Once acquired these can then be installed by yourself, the company/person that manages your site or your hosting company (which ever suits you best).

After the SSL certificate is installed, you’ll need to configure the website to use it. This can get relatively technical, so depending on your knowledge level / bravery it might be worth reaching out to a professional.

Once all up and running you then need to tell Google that you’ve added this by adding the https version of your site in Search Console.

Lastly, it’s time to go and update your address everywhere, social media profiles, anyone linking to your site etc. It might be a good excuse to reach out to clients you’ve not spoken to in a while too!

Is your website mobile friendly?

More than 50% of Google searches are performed on a mobile device. Due to this, Google has moved to a mobile-first indexing model, which means it scans your site as it if were using a mobile to determine everything about it. What does this mean for you? Your website has to be mobile friendly – built in such a way that it is easily usable on mobile devices.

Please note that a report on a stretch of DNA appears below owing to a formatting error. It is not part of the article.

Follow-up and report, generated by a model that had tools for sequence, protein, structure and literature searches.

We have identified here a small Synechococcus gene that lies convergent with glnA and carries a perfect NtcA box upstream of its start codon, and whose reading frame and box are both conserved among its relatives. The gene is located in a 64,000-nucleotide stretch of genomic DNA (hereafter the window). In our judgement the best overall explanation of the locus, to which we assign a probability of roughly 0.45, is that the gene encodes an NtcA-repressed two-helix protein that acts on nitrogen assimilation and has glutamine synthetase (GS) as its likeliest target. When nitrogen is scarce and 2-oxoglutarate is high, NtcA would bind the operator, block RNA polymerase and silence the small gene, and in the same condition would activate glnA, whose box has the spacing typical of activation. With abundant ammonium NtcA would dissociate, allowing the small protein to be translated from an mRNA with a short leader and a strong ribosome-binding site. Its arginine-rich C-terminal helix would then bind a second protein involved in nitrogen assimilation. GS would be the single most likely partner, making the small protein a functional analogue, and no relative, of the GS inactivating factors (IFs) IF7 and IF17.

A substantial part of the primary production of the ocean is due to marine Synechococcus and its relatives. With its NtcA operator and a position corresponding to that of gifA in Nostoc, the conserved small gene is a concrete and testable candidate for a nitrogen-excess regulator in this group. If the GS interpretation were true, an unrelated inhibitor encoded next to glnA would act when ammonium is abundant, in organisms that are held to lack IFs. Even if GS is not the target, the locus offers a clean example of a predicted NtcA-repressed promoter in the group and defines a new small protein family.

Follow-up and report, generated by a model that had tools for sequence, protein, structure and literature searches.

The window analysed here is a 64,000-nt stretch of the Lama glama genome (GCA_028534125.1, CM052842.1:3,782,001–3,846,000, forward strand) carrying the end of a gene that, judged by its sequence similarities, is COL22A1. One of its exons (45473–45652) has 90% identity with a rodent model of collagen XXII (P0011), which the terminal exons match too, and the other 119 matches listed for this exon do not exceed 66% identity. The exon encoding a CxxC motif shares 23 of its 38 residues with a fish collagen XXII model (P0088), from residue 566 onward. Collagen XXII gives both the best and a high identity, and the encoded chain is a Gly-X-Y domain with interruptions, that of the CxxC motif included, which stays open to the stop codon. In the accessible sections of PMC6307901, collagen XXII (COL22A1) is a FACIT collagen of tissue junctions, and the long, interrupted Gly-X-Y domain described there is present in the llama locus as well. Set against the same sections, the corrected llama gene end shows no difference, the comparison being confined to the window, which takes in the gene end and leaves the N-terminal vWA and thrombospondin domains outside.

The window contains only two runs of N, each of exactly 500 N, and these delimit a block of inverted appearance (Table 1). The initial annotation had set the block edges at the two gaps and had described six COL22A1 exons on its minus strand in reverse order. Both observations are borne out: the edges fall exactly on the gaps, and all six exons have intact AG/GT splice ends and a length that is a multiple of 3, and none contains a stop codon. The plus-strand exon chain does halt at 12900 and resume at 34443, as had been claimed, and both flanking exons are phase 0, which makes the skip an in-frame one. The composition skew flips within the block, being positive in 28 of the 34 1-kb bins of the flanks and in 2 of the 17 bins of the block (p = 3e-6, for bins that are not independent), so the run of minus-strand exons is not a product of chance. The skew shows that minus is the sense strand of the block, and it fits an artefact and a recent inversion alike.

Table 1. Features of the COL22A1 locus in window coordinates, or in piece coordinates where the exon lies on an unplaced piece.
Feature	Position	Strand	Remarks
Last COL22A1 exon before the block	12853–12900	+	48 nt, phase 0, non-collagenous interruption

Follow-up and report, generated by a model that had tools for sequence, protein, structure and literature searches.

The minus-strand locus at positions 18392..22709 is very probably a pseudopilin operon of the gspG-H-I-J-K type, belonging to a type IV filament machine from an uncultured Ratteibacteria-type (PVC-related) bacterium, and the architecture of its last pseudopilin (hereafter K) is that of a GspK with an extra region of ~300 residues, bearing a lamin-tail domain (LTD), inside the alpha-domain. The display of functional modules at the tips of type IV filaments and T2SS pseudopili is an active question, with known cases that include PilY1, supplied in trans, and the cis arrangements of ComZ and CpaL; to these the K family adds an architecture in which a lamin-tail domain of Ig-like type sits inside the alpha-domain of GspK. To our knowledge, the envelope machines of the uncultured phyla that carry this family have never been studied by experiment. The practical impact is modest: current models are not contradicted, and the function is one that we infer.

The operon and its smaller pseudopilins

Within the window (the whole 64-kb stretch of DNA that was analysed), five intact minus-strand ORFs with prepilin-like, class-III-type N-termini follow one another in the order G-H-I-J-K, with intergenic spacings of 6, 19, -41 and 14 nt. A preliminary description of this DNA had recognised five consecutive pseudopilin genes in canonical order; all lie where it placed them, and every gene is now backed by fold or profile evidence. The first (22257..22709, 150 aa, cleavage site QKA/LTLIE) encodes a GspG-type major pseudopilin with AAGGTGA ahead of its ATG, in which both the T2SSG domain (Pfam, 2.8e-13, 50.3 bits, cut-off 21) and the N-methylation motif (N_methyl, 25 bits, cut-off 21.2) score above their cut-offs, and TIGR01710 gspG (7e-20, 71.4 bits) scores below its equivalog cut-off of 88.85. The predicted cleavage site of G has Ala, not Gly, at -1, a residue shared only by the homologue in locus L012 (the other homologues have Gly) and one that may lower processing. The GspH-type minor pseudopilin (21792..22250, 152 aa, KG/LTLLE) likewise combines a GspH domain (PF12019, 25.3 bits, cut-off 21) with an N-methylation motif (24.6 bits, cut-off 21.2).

How can I tell if my site is mobile friendly?

You can use your smartphone to look at your website and see how it looks and works, but that only gives you an indication of it’s mobile friendliness. The better way to know that it works well across a number of devices is to get Google’s opinion on it. Thankfully, they have a tool for doing this:

Run Google Mobile Test

Pop your web address into the tool, and after a quick test it’ll give you a thumbs up or a thumbs down, with suggestions for improvements.

How do I make my website mobile friendly?

Sadly, this isn’t a particularly easy one to fix (most of the time).

If you’re on a content management system (such as WordPress), you could perhaps look to change the theme, but that might mean a lot of rejigging of your content, with varying results.

Alternatively, if yours is a static website, it will probably need a complete rebuild. If this is the case, take it as an opportunity to improve on as many areas as you can, content quality, ease of site navigation, getting an SSL certificate, etc. If you use a web design company to do this, you’ll have someone to lean on in terms of technical knowledge and advice for areas of improvement.

Website Speed

How fast your website loads is important to both your visitors and search engines. Google uses the speed of your site as a ranking factor, so it’s best practise to speed things up as best you can.

How can I test my website speed?

Google has a tool for doing this, found here:

Run Google Speed Test